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Here you can find the latest articles about the Baden-Württemberg healthcare industry.

  • Article - 29/10/2015

    For many decades, deep brain stimulation has been used for treating neurodegenerative disorders such as Parkinson’s disease. However, the mechanisms of the procedure, which involves implanting stimulation probes into low lying brain areas, are still not clear. Prof. Alireza Gharabaghi, Dr. Daniel Weiss and their teams of researchers at the University of Tübingen have now been able to demonstrate a direct relationship between deep brain…

  • Article - 26/10/2015

    Nobel Laureate Stefan Hell and his team at the German Cancer Research Center in Heidelberg have achieved yet another milestone in super-resolved optical microscopy. The team have developed an ultrafast STED (stimulation emission depletion) nanoscope that now makes it possible to study molecular processes and transport processes in living cells in millisecond time steps.

  • Article - 19/10/2015

    Can smartphones become health counsellors for patients or diagnostic tools for doctors? The answer is yes, at least technically. However, health apps that comply with valid medical device regulations are still rather rare in Germany. Many health insurance companies are reluctant to pay for the use of these modern tools because the legal framework is inadequate and doctors are not yet fully capable of using them. Nevertheless, the use of such…

  • Article - 19/10/2015

    Bacteria's increasing resistance to antibiotics is a very serious medical issue. An infection with pathogens such as methicillin-resistant Staphylococcus aureus (MRSA) bacteria can be life-threatening for hospital patients because MRSA has become resistant to the most commonly used antibiotics. Although reserve antibiotics are available in cases where others have lost their ability to control or kill bacterial growth effectively, they do not…

  • Article - 19/10/2015

    Chronic and complex diseases in children are often a heavy burden on their families. Parents naturally want their children to have the latest treatment, and children are usually treated by several specialists. This makes it rather difficult, or, at the very least, involves considerable effort to keep everyone up to date. Dr. Joachim Riethmüller from the University Children’s Hospital in Tübingen and his team of doctors are using telemedicine in…

  • Article - 14/10/2015

    “Omics” is a current buzz word used to describe comprehensive investigations in many areas of the life sciences. In practice, omics refers to fields of scientific study that involve a huge number of experiments and even more data. Evaluating and managing all the data within a fixed period is a huge challenge for most researchers working on their own. It was to address these issues that the Quantitative Biology Center – QBiC for short – was…

  • Article - 12/10/2015

    Thalidomide, which was sold in Germany in the late 1950s under the trade name Contergan, is mainly known for having caused one of the biggest pharmaceutical scandals in Germany. However, what was once a sleeping pill is increasingly being used as an immunomodulatory drug for treating tumours of the haematopoietic system, something that is not yet widely known. Dr. Jan Krönke is the head of a junior research group at Ulm University Hospital…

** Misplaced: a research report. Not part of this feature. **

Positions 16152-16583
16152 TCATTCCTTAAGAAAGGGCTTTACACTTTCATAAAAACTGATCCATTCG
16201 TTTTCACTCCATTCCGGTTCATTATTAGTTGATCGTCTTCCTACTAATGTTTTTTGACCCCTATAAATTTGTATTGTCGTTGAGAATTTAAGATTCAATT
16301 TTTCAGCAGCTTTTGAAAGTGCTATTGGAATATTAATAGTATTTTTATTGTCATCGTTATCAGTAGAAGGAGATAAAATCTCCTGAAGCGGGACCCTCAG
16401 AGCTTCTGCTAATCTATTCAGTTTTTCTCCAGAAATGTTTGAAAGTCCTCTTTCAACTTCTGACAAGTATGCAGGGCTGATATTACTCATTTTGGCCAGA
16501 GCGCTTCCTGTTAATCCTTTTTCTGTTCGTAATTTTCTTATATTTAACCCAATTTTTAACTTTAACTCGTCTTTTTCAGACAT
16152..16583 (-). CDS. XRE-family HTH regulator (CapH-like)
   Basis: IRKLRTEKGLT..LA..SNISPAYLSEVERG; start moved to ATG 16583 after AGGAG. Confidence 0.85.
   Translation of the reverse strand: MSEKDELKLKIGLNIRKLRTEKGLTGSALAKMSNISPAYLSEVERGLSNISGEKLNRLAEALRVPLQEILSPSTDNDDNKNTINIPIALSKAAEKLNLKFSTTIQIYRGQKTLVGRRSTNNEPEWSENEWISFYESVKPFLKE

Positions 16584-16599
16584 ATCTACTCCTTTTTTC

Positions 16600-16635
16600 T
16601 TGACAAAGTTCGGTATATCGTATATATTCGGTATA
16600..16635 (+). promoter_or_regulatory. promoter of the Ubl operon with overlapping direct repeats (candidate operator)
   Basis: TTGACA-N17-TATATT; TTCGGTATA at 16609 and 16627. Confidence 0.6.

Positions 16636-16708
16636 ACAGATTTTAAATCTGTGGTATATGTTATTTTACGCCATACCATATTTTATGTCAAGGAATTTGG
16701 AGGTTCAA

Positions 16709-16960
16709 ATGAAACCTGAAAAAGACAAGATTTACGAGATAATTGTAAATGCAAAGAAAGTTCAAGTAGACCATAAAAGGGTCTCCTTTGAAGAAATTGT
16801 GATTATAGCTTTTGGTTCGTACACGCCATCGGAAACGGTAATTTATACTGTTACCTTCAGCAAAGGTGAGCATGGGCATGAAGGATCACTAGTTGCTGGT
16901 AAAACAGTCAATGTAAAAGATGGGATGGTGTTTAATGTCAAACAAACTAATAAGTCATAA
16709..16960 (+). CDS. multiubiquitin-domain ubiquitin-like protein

• Article - 07/10/2015

    Modern genetic engineering tools enable genes to be modified in a genomic context in living cells. Genome surgery unlocks enormous potential for the treatment of genetic diseases, but it could also be misused for the uncontrolled manipulation of the human genome. An interdisciplinary working group of German scientists is calling for a moratorium on human germ line experiments to provide a space to define the opportunities and risks of this new…

  • Article - 05/10/2015

    Drops are a common way of applying drugs for treating a wide of range of eye diseases. Most of us have used eye drops at least once in our lives, but we are not usually aware that even if the drops are applied correctly, only one percent of the drug reaches the eye. The rest is flushed out by eyelid movement or with tear fluid. So very high drug concentrations are needed, and the downside of this is that it can cause substantial adverse effects.…

  • Article - 30/09/2015

    Very few people have ever heard of the chemical compound sulphoquinovose. This natural substance is nevertheless found in a large variety of foods. Sulphoquinovose has been playing an increasing role in cancer research, which is why demand for the compound is constantly growing. With this in mind, researchers from a company called MCAT GmbH from Konstanz are working on the development a method to synthesise larger quantities of sulphoquinovose…

  • Article - 28/09/2015

    It would be phenomenal news if it turned out that breast cancer could be detected by way of urine samples. Treating physicians would be able to use conspicuous test results to begin further examinations as quickly as possible along with therapy if necessary. Prof. Dr. Elmar Stickeler and his team from the Freiburg University Medical Centre have developed a method that identifies the composition of microRNAs in urine. They were able to predict…

  • Article - 24/09/2015

    The number of people suffering from oral or oropharyngeal cancer is rising steadily. The major cause of these cancers is human papillomaviruses (HPV) that colonise the oral cavity, where they are difficult to detect. QIAGEN Lake Constance GmbH from Stockach, in cooperation with Abviris Deutschland GmbH, has developed a new test system to improve the detection of oral HPV. This new system enables rapid and reliable quantitative detection of…

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